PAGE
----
I'm still learning but, even when the story I'm working on is complete, I will continue to research it. There's a thin line between research and enjoyment and this is definitely one of those times.
I understand that you recently made a surprise appearance, at one of your reader’s horror themed hen party with fellow Author Matt Shaw. How did this go, and is it something that you may consider doing more of in future?
Ha, I already mentioned this. In case you missed it, watch it here: https://www.youtube.com/watch?v=QpRk9FtPgh4
It was fantastic. Matt and I were a little nervous at first but once we arrived, it all went smoothly. The bride, Laura, had no idea we were coming. Luckily, she recognised Matt (his biggest concern) and it all went off without a hitch. I will definitely do more of this. As mentioned, I love giving back to the readers and I will continue to do this for the people who make it possible for me to have a writing career.
FYI, guys and gals, Matt Shaw and I are at London Film and Comic Con in July with fellow author, Chantal Noordeloos. I'll be signing books, taking photos and avoiding Matt's amorous glances…
Talking of Which, I believe that you are doing Comic Con in London this July. What can we expect to see from you in regards to merchandise etc?
You did your research. : )
Matt Shaw and Chantal Noordeloos will be there too.
I'll be taking physical copies of 'The Customer is Always…', 'Charlotte', Whispers – Volume 1: A Collection' and 'All or Nothing'. I will be signing them and, if required, taking photos with fans. If you haven't bought a copy of the books, you can do so there. If you have already, bring them with you and I will happily scribble on the pages. I'm looking forward to the weekend, it's going to be a blast.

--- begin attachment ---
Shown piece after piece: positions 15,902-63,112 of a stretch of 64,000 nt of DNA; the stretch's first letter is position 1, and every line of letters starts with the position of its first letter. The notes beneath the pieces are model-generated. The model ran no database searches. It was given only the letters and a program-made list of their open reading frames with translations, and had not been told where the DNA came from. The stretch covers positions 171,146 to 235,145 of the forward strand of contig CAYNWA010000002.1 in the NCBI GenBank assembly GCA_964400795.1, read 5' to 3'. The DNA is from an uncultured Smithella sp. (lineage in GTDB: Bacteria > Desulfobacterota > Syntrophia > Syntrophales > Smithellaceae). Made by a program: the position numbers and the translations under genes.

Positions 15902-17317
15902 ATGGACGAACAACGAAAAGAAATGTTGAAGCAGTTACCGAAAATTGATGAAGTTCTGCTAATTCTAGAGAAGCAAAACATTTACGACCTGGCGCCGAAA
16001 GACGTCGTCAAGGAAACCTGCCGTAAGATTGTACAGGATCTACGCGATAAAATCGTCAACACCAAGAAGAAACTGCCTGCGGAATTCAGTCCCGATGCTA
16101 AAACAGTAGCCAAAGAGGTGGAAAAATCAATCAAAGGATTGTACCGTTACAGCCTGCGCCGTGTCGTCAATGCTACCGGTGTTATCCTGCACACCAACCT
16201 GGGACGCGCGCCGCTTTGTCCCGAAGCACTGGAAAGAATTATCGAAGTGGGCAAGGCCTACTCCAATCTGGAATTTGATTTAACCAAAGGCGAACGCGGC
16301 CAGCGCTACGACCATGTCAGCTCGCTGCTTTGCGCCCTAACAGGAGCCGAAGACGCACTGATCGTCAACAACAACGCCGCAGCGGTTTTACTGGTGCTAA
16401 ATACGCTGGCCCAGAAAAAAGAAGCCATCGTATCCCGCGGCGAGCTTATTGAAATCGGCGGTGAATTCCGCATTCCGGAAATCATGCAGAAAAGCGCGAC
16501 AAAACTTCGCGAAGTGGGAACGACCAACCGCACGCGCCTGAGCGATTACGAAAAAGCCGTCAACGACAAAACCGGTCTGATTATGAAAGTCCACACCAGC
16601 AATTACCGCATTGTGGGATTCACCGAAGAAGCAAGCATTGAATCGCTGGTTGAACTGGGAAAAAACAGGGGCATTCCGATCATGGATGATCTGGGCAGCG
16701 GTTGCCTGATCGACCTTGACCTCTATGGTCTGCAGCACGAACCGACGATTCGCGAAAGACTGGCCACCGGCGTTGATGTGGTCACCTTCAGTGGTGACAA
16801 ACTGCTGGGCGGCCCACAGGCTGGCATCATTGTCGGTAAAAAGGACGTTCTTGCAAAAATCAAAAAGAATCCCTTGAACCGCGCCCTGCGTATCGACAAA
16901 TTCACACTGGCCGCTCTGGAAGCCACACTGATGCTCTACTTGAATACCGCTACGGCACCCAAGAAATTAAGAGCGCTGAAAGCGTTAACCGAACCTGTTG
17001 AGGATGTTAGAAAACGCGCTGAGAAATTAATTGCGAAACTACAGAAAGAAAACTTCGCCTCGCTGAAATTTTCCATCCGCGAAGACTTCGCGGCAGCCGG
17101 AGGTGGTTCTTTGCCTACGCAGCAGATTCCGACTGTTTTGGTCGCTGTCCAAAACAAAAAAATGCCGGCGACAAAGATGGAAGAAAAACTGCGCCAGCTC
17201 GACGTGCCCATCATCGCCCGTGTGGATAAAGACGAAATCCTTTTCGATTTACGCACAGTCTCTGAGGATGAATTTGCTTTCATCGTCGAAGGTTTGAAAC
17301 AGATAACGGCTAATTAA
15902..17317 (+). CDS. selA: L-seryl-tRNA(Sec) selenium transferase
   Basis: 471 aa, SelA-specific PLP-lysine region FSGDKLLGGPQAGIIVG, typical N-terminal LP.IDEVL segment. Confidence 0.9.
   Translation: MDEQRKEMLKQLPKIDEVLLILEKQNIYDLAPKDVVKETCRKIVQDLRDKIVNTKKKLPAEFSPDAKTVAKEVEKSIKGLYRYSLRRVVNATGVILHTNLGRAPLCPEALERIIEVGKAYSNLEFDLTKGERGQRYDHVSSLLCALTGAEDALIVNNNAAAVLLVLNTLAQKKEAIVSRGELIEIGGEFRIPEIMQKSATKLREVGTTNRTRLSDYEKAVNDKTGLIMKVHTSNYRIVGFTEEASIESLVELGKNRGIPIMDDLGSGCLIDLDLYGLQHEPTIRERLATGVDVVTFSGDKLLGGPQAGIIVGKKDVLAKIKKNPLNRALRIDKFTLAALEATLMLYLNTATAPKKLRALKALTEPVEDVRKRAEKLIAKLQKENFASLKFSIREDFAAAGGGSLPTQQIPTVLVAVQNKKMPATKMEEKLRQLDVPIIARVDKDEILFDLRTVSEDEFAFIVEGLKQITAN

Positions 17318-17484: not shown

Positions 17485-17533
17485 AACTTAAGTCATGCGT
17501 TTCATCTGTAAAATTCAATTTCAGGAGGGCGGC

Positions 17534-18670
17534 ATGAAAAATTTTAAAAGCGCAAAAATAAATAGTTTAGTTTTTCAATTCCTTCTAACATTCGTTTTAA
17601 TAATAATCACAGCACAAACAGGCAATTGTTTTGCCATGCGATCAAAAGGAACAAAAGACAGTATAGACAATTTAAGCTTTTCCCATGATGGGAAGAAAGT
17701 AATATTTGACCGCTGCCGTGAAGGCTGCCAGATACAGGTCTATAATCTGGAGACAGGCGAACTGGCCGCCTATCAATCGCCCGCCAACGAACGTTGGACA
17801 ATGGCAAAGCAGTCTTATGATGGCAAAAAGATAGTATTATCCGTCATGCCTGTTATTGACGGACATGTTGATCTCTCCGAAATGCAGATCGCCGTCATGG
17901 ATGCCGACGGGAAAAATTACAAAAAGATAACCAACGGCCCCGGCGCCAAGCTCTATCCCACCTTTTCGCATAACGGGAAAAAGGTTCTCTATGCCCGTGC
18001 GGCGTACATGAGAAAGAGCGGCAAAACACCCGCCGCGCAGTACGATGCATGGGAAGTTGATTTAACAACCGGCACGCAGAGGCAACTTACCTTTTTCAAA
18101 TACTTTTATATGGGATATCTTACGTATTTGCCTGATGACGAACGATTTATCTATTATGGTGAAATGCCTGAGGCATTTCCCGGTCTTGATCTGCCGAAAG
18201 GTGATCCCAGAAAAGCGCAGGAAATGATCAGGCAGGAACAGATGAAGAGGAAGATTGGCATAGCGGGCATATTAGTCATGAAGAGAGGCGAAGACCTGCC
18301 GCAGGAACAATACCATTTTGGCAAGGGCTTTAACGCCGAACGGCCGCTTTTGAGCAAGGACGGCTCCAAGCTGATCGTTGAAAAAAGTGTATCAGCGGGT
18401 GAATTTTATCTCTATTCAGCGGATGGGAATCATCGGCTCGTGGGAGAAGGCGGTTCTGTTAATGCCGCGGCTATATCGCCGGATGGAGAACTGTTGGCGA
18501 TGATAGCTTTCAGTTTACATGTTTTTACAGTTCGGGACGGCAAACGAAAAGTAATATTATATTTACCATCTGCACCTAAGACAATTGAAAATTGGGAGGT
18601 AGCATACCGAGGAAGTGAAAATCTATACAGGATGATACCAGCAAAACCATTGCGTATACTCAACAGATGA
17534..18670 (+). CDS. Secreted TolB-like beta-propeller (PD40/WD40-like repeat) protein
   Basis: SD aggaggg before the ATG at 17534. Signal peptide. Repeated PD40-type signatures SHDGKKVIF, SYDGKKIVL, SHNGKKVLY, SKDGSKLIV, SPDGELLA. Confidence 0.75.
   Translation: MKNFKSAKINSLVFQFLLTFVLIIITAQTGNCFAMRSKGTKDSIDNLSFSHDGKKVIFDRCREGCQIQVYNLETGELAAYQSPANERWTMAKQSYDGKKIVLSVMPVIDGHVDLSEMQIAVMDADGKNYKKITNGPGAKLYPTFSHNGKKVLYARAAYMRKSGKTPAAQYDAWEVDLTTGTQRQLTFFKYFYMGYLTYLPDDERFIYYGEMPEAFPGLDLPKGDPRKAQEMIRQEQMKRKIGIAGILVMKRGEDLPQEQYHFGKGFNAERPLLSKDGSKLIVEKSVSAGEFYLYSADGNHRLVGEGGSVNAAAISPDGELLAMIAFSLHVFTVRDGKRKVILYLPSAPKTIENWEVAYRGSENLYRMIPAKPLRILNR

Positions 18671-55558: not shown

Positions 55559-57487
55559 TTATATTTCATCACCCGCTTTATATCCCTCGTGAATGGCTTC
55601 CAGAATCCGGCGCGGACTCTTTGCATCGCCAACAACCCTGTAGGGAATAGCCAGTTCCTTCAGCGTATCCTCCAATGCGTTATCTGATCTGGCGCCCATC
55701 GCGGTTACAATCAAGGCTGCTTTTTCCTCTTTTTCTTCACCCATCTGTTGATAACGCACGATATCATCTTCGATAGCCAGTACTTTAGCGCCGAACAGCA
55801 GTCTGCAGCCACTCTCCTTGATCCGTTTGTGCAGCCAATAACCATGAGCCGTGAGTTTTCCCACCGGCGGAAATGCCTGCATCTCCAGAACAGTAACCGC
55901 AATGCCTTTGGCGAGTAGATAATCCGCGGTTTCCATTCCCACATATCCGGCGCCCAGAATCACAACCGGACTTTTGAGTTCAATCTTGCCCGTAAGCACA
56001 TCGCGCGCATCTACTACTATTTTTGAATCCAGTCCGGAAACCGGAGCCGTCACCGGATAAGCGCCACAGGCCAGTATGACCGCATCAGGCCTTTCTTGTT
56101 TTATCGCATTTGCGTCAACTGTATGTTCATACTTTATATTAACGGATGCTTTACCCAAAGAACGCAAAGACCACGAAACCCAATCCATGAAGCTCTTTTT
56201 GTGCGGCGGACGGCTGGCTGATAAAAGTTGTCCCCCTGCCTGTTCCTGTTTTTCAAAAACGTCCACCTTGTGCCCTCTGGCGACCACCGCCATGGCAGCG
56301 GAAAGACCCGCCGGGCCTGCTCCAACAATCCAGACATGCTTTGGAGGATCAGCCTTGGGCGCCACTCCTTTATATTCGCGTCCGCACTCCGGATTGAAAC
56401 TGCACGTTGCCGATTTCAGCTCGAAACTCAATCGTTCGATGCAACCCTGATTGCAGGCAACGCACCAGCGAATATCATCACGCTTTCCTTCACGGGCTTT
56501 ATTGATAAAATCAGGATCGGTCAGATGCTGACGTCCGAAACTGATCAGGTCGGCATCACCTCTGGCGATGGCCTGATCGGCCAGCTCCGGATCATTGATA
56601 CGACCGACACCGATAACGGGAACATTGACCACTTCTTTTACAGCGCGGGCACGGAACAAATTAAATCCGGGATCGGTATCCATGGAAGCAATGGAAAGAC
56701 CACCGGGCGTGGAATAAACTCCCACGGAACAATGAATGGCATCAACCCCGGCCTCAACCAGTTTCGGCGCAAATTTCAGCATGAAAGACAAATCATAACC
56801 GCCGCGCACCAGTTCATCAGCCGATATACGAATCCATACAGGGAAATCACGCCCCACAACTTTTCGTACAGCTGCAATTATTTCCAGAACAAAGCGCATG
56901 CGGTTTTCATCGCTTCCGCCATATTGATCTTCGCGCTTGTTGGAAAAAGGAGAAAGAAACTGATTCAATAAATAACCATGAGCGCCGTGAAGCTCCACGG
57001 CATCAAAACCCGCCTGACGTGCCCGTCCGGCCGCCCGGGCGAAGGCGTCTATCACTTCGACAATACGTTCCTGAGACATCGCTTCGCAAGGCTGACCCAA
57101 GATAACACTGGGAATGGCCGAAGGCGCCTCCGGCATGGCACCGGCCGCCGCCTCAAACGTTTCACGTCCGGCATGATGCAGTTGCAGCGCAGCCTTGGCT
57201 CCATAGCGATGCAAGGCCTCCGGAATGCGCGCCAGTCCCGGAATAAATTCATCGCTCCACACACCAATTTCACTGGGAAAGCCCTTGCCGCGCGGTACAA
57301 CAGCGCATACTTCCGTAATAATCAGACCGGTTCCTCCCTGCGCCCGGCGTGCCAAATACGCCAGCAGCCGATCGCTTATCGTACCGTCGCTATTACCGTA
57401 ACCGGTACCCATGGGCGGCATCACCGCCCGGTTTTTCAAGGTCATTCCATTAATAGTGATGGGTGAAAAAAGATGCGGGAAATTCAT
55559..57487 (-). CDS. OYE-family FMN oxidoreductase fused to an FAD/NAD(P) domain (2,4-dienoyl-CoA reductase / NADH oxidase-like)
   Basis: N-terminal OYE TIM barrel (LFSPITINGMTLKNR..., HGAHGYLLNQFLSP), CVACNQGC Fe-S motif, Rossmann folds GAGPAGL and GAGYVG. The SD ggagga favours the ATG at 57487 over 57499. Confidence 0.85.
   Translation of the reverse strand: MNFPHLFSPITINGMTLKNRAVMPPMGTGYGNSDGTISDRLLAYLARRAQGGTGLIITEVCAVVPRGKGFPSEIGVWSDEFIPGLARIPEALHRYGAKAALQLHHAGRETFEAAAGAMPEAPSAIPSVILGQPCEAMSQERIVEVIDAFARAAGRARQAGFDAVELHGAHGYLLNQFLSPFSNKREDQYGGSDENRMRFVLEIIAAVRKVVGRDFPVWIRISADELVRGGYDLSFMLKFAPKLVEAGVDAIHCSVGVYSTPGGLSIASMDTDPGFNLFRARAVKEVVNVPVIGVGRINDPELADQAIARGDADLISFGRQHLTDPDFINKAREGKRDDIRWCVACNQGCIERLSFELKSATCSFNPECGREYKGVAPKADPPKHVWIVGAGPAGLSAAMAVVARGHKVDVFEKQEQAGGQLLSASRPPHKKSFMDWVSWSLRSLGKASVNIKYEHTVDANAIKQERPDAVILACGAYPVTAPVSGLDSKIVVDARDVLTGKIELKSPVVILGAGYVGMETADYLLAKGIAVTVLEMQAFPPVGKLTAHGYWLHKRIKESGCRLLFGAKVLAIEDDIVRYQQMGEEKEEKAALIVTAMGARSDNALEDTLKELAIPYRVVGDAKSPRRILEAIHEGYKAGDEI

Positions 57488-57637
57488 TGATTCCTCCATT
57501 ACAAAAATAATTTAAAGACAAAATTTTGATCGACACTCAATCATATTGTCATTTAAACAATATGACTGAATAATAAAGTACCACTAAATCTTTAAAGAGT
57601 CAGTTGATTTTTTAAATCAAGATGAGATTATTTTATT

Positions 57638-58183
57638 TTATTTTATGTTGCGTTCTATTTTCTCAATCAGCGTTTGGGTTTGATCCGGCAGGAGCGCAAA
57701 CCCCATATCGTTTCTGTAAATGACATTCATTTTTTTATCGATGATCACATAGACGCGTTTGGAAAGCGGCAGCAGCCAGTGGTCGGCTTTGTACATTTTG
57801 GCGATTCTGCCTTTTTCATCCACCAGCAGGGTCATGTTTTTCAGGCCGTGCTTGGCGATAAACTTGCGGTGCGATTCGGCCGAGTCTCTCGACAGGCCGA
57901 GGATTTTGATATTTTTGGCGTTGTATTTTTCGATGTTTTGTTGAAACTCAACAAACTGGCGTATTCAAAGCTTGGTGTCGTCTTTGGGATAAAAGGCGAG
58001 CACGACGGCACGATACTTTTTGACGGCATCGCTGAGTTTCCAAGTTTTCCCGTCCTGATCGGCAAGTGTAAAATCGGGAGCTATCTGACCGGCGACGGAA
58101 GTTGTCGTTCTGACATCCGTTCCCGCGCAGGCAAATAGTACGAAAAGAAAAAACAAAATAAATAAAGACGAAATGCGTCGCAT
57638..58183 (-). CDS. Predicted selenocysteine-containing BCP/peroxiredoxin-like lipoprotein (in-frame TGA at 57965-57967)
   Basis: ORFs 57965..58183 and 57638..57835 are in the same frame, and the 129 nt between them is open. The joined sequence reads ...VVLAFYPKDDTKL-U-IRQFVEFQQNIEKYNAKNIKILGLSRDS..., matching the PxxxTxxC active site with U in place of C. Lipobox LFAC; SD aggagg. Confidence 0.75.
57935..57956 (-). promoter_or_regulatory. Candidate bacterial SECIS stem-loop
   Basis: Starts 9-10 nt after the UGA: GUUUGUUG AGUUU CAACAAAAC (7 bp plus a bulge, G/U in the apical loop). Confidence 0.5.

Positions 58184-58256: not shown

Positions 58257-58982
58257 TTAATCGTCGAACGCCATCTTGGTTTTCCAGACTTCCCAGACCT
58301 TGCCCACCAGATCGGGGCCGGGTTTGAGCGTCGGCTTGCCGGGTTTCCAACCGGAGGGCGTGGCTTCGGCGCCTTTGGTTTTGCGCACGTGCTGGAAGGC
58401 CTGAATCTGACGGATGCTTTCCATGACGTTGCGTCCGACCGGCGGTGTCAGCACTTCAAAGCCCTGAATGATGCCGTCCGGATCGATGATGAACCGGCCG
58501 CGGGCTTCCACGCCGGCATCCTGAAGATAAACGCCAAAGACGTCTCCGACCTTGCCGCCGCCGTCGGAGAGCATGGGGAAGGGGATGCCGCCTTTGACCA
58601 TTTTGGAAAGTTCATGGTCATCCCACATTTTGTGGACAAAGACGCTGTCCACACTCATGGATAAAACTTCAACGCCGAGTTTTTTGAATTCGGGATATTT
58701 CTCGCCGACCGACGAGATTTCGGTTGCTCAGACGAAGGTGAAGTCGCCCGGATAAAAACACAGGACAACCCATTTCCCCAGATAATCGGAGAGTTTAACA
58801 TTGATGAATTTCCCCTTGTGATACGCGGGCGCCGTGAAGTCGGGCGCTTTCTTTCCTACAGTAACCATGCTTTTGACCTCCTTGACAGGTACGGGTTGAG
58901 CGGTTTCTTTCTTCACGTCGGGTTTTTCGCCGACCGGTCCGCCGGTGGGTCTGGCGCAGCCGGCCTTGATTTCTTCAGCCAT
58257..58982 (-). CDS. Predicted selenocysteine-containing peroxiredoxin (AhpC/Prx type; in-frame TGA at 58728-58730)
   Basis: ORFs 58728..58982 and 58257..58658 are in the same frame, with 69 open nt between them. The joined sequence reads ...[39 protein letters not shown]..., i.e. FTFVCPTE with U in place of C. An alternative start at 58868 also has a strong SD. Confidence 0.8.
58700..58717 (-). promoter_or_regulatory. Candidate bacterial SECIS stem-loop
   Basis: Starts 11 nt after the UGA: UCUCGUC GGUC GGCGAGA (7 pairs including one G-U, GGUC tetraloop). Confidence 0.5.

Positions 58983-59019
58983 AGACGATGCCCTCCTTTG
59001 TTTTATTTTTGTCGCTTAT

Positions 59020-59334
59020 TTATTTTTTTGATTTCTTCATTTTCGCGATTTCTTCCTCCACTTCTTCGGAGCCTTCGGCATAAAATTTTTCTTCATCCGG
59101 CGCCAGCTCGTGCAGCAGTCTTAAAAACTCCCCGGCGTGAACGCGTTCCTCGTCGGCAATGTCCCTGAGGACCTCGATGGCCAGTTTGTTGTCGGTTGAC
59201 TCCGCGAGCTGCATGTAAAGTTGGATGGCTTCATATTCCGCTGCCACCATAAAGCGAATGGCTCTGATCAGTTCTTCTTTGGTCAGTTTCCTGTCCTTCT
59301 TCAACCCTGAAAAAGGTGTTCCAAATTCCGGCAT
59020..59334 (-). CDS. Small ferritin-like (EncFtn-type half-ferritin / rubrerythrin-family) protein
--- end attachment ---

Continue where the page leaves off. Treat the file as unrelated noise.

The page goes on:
What advice would you give to anyone that would want to be a writer in any description?
The simple answer is to persevere. Don’t give up, trust me, sometimes you might want to. If you work hard, commit to the cause and muscle through, you're well on your way. I would also create your brand as soon as possible. Get all the sites (Facebook, Twitter, Pinterest, Goodreads) and be accessible to your fans. And don’t let the money determine your success…if you're in it for the money, quit now. If you love writing, that will shine through and that's the most important thing.
Do you have anything other than we have covered imminent, and what can we expect from you for the remainder of 2015?
Aside from the anthologies, which consume a lot of my time at the moment, I am putting the finishing touches to Grin and Cine. Omertà, Boys and 89 are in the works too. I have plans to start my first series, The Vector Series, in September. This is a trilogy based on a world ravaged by apocalypse. I have enclosed the first cover, Aftermath, for your perusal. I am also waiting for contractual obligations to finish to release Whispers – Vol 2 and Vol 3.
I have several other ideas on the burner too. Right now, I am focusing on my editorial work. As mentioned, DCP and JEA are exciting publishing presses and being involved is an absolute privilege. However, the second half of 2015 will see several releases from yours truly.
As I feel we have been going a while, I will start to wrap things up. I’m aware that a huge influence on your writing was Richard Laymon, but as this is for the Fans Of Modern Horror Page. Please give us a few names of other Authors, both established and maybe just starting out that you feel deserve a mention.
My major influence is Richard Laymon. I also thoroughly enjoy Shaun Hutson, James Herbert, Clive Barker, Lee Child, Robert Crais and Stephen King. Authors I would recommend right now (based on novels I've read by them) are: Matt Shaw, Tim Miller, Jack Rollins, Kyle M. Scott, Chantal Noordeloos, Graeme Reynolds, Michael Bray, Jim Goforth, Ian Noakes, Mark Parker, Jasper Bark, Geoffrey West…there are many others. J Ellington Ashton Press have a lot of talented authors in a variety of genres. Indie authors are dominant at the moment and they are really beginning to shine.
Lastly, you are incredibly approachable and always seem to allow time for your readers and peers. Where can you be found?
Anyone who wishes to add me on these sites, feel free.
The Fans of Modern Horror page is an independently run Facebook page by Christina Cooper. A lady devoted to her love of books, looking to do nothing more than network with like-minded people and have fun along the way. It has been an absolute pleasure having you here to answer our questions. Once again I thank you for your time and wish you continued success. Thank you, Mr Stuart Keane.